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Chapter 10: Rotation

10.1: What is physics?

Angular position, velocity, acceleration


Constant angular acceleration
Angular and linear quantities
Rotational kinetic energy
Rotational inertia
Torque
Newtons 2nd law for rotation
Work and rotational kinetic energy

In previous chapters we have discussed the


translational motion
In this chapter we will discuss the motion when object
turn about an axis (Rotational Motion)
Variables in rotational motion are analogous to those for
translational motion with few changes We will

10.2: Rotational variables:

10.2: Rotational variables

We will focus on rotation of a rigid body about a fixed axis


Rigid body: body that can rotate with all its parts packed
together without any change in its shape

Discuss the quantities in angular variables (we will focus on the


angle when object rotating) find the angular position, velocity ,
and acceleration.
Apply Newton second law but instead of force and mass we will
use torque and rotational inertia.
Apply energy concepts to angular quantities like work kinetic
energy theorem

Consider a particle on rigid object at point p rotates through an angle

As object rotates, the point P make an Arc length s

Fixed axis: rotation about an axis that does not move

Figure shows a rigid body of arbitrary


shape in pure rotation about the z- axis
of a coordinate System every point
of the body moves in a circle whose
center lies on the axis of rotation (see
the arbitrary reference line), and every
point moves through the same angle
during a particular time interval

Angular position

s
r

s = r

in radians (rad.)
or revolution

Radians: ratio between the two length s


and r dimensionless quantity
When r = s = 1 rad. 57.3
Full circle = 360 = 2 rad. 1 revolution ().
where = 22/7 = 3.14 we can convert between
rad. and degree from the correlation:
Degree
rad.
2
360
2
(rad) =
(deg)
360

??

10.2: Rotational variables


Angular
displacement:

= f i

Average
angular speed:
Instantaneous
angular speed:

avg =

= lim

t 0

f i

(Rad.)

(Rad/s) s-1
t

d
=
t
dt

(Rad/s) s-1

t f ti

Average angular = f i =
acceleration: avg
t f ti
t
Instantaneous
angular
acceleration:

= lim

t 0

10.2: Rotational variables: Example


As particle moves
from angular position
i to f

(Rad/s) s-2

= 7200
rev/min

d
=
(Rad/s) s-2
t
dt

90

R=6 cm

All particles of a rigid object rotate at the same angular


displacement, speed and acceleration.

10.2: Rotational variables: Example


A childs top is spun with angular acceleration
At t = 0, the top has angular velocity 5 rad/s, and a reference line on
it is at angular position (i) = 2 rad. Find (a) angular velocity at
the top at any time (b) angular position at any time
tf

tf

a) = dt

b)

ti

= dt
ti

i = (5t 3 4t )dt

5
i = ( t 4 2t 2 + 5)dt
4
0

5
5 = t 4 2t 2
4
5 4
= t 2t 2 + 5
4

1
2
2 = t 5 t 3 + 5t
4
3
1 5 2 3
= t t + 5t + 2
4
3

10.3: are angular quantities vectors?

Angular velocity , is arvector


it can be written as
For rotation about a fixed axis,
the direction of the angular
velocity is along the axis of
rotation.
Use the right hand rule to
determine direction.
Also angular acceleration is a
vector quantity
can be
r
written having same rules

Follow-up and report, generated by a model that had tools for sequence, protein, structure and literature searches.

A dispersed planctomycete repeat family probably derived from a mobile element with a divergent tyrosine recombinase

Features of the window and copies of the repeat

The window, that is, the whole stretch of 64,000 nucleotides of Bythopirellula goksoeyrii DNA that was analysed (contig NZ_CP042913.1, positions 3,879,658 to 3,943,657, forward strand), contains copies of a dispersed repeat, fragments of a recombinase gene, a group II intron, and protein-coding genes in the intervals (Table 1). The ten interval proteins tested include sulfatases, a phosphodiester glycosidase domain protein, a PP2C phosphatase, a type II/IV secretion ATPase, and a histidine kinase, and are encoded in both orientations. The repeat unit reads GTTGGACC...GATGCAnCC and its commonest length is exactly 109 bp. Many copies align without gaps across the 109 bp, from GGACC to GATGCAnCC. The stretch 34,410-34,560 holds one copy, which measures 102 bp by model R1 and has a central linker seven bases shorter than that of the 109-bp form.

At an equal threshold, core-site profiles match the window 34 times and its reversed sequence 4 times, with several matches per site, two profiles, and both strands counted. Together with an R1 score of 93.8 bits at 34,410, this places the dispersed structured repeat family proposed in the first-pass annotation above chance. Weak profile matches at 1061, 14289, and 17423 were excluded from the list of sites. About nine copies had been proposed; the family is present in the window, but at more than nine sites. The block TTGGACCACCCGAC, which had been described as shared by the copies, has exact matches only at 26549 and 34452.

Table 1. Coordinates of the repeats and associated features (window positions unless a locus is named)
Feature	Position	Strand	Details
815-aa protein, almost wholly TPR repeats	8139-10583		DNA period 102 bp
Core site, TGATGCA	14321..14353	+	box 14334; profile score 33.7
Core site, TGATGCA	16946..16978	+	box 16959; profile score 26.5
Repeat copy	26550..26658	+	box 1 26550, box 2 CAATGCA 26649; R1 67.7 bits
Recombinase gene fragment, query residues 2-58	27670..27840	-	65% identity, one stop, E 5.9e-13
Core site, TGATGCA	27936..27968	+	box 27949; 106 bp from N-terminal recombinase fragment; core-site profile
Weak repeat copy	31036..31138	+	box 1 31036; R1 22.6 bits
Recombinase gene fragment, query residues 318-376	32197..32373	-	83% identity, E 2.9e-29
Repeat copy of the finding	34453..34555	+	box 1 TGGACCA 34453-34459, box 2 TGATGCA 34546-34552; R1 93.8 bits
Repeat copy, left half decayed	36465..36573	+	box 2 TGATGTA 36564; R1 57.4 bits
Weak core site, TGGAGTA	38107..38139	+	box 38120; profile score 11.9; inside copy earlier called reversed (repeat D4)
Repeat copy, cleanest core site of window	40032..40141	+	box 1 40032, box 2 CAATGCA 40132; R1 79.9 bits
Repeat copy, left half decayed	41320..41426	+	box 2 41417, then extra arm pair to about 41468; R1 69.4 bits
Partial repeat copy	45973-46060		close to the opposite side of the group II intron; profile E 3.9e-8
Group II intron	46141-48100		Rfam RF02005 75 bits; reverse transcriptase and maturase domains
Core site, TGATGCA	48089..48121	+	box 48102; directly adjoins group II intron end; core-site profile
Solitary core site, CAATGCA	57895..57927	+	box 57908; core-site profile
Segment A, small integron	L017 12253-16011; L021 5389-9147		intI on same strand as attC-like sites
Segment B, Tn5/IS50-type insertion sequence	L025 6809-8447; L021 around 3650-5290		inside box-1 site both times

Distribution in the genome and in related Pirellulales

for direction and same rules of
speeding up rotation or slowing
down rotation

For rotation
counterclockwise
()
+ve

For rotation
clockwise
()
-ve

10.4: Rotation with constant angular


acceleration
For rotational motion with constant rotational acceleration
The equations of motion are similar in to the equation of
motion in one dimension (1D);
Only do the following symbol replacement

x
v
a

10.4: Rotation with constant angular


acceleration
Linear (1D) Motion

Rotational Motion

with constant linear acceleration, a

with constant rotational acceleration,

v = v0 + at

= 0 + t

x = x0 + 12 (v0 + v)t

= 0 + 12 (0 + )t

x x0 = x = 12 (v0 + v)t

0 = = 12 (0 + )t

x f xi = x = (vi + v f )t
1
2

1
= 0t + t 2
2

1
x = v0t + at 2
2

2 = 0 2 + 2

v 2 = v0 + 2ax

10.4: Rotation with constant angular


acceleration: Example

10.4: Rotation with constant angular


acceleration: Example: continued from
previous slide
= 3.5rad / s 2 , ti = 0 s, t = 2.00 rad s , t f = 2.00 s
i

= ?, revolutions = ?, t f = ?

1 rev.
= 11 rad
= 1.75 rev.
2 rad .
= 3.5rad / s 2 , ti = 0 s, t = 2.00 rad s , t f = 2.00 s
i

= ?, revolutions = ?, t f = ?

10.4: Rotation with constant angular


acceleration: Example
While you are operating a Rotor cylinder, the angular velocity of the
cylinder from 3.4 rad/s to 2.0 rad/s in 20 rev., at constant angular
acceleration. Find (a) the angular acceleration (b) time to decrease
the angular speed.
We have i= 3.4 rad/s
f = 2 rad/s
= 20 rev.
a)
2
2
rad
.

2 = 0 + 2 with = 20 rev.(
) = 125.7 rad .

1 rev.

2 0 2
=
2

b)

4 11.56
=
= 0.03 rad/s
251.4

= 0 + t

0
t =

t =

2 3.4
= 46.7 s
0.03

10.5: Relating The Linear And Angular


Variables: Example
A race car accelerates constantly from a speed of 40 m/s to 60 m/s in 5 s
around a circular track of radius 400 m. When the car reaches a speed of
50 m/s find the (a) Angular speed (b) Centripetal acceleration, Tangential
acceleration, and angular acceleration (d) The magnitude of the total
acceleration.

We have

v1 40
=
= 0.1 rad / s
r 400
v2 = 60 m/s 2 = 0.15 rad / s

t = 5s, v1 = 40 m/s 1 =

at v = 50 m/s find =?, ac =?,

at =?,

atot=?

v 50
a) v = r = =
= 0.125 rad/s
r 400
b) ac =

v 2 (50) 2
=
= 6.25 m/s 2 or ac = r 2 = 400(0.125) 2 = 6.25 m/s 2
r
400

10.5: Relating The Linear And Angular


Variables
For a rotating object, both linear and angular